The configuration below will show you how to configure your HWIC-AP module in your router for open, wep, and wpa wireless configurations. I'm providing a configuration that includes all three options for reference. Comments are provided in the configuration to help explain the configuration:


! Below is how you globally set an ssid and vlan for your dot11 configuration.
! I recommend you use vlan statements to easily configure multiple ip subnets for your wireless network.
!Below I show how to set three different ssid's using three different networks using three different security settings. This should cover any kind of deployment you may be considering.
!
! Below are the global commands needed for an unsecured/open wireless configuration set for vlan3.
!
dot11 ssid dswisropen
vlan 3
authentication open
mbssid guest-mode
!
! Below are the global commands needed for a wep based wireless configuration set for vlan1.
!
dot11 ssid dswisrwep
vlan 1
authentication open
mbssid guest-mode
!
! Below I show how to setup wpa with an ascii preshared key for vlan2.
!
dot11 ssid dswisrwpa
vlan 2
authentication open
authentication key-management wpa
mbssid guest-mode
wpa-psk ascii 0 12345678901234567890123456
!
! Below are the interface specific commands for the wireless radio, note I'm using subinterfaces to support the multiple vlan configurations above as well as 802.1q to trunk the vlans over the wireless interface.
!
interface Dot11Radio0/3/0.1
encapsulation dot1Q 1 native
ip address 192.168.193.1 255.255.255.0
bridge-group 1
bridge-group 1 subscriber-loop-control
bridge-group 1 spanning-disabled
bridge-group 1 block-unknown-source
no bridge-group 1 source-learning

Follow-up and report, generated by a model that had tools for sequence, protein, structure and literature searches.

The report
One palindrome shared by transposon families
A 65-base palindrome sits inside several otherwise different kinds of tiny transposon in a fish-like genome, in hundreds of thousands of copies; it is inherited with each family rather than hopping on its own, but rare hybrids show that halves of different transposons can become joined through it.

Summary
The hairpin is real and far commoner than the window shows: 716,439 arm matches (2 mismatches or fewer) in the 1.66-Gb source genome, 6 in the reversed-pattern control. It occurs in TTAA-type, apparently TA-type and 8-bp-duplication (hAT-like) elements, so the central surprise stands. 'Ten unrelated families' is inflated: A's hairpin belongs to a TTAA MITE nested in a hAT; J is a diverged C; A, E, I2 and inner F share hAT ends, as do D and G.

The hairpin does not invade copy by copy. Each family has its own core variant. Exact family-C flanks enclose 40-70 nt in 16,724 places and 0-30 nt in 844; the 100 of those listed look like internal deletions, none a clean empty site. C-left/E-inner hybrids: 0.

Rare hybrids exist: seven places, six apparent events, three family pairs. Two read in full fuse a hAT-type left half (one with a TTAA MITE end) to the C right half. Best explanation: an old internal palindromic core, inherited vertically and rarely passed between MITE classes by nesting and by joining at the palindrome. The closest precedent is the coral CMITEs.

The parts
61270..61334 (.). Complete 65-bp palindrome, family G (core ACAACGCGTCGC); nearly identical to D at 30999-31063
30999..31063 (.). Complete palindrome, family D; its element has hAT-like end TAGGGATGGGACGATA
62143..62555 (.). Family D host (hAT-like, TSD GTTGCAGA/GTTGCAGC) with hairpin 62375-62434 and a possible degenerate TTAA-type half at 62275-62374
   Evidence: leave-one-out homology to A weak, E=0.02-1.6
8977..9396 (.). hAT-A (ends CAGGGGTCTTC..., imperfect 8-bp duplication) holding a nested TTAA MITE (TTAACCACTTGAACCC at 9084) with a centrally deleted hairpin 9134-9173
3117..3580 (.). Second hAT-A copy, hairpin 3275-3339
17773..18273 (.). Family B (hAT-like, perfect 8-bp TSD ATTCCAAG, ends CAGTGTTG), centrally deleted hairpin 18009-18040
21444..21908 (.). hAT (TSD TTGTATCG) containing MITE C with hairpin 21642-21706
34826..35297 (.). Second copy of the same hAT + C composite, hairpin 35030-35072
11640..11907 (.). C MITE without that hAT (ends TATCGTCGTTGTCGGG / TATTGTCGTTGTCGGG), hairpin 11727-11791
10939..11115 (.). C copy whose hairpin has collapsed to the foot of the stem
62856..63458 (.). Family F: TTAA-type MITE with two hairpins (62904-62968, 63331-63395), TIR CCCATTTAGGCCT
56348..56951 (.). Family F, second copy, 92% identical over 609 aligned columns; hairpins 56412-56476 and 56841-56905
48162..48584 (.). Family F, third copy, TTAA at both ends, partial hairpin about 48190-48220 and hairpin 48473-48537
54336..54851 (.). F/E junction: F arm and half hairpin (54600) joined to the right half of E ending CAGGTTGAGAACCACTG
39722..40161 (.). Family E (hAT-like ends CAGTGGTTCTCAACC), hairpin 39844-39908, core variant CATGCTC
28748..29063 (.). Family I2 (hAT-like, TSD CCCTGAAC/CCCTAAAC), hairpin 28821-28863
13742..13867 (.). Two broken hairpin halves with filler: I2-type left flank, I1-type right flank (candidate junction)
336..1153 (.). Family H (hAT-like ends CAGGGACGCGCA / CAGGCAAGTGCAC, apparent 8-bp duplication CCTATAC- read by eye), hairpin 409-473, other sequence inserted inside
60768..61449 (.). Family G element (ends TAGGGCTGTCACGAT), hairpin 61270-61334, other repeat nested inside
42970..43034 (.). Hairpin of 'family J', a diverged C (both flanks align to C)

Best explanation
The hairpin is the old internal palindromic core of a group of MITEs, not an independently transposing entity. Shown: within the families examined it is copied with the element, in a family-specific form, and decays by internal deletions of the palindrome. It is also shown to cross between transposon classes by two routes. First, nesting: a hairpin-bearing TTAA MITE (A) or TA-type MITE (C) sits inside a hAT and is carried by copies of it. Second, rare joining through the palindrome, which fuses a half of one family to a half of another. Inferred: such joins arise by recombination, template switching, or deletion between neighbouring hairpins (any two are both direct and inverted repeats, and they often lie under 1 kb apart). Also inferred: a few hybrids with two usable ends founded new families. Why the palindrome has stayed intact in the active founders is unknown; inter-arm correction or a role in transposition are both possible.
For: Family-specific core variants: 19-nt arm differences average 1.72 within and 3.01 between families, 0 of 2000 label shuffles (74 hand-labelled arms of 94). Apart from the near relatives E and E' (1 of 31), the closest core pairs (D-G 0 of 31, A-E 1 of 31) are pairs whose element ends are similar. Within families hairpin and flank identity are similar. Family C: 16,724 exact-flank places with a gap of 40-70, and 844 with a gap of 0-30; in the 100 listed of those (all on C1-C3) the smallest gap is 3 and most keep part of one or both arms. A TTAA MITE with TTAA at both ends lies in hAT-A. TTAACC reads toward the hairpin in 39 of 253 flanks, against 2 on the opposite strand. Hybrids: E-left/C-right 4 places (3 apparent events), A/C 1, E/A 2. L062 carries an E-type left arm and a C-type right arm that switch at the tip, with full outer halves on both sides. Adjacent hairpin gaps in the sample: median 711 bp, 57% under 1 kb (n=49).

no bridge-group 1 unicast-flooding
!
interface Dot11Radio0/3/0.2
encapsulation dot1Q 2
ip address 192.168.194.1 255.255.255.0
bridge-group 2
bridge-group 2 subscriber-loop-control
bridge-group 2 spanning-disabled
bridge-group 2 block-unknown-source
no bridge-group 2 source-learning
no bridge-group 2 unicast-flooding
!
interface Dot11Radio0/3/0.3
encapsulation dot1Q 3
ip address 192.168.195.1 255.255.255.0
bridge-group 3
bridge-group 3 subscriber-loop-control
bridge-group 3 spanning-disabled
bridge-group 3 block-unknown-source
no bridge-group 3 source-learning
no bridge-group 3 unicast-flooding


Congratulations, you just finished configuring the wireless card on your router.


At this point, power on your wireless camera and watch your wireless camera associate itself with the access point on your router. Use show dot11 association on the router to check that your camera does in fact associate to your wireless network. If it doesn't, you probably type in something wrong.


At this point, you are ready to add your wireless cameras to your video surveillance management system and administer things as usual...


I hope you enjoyed this post, I went through a lot of trouble shooting to figure all this out. You now have the quick quide to setting up a wireless video surveillance system on an ISR.


Ciao,


-boni bruno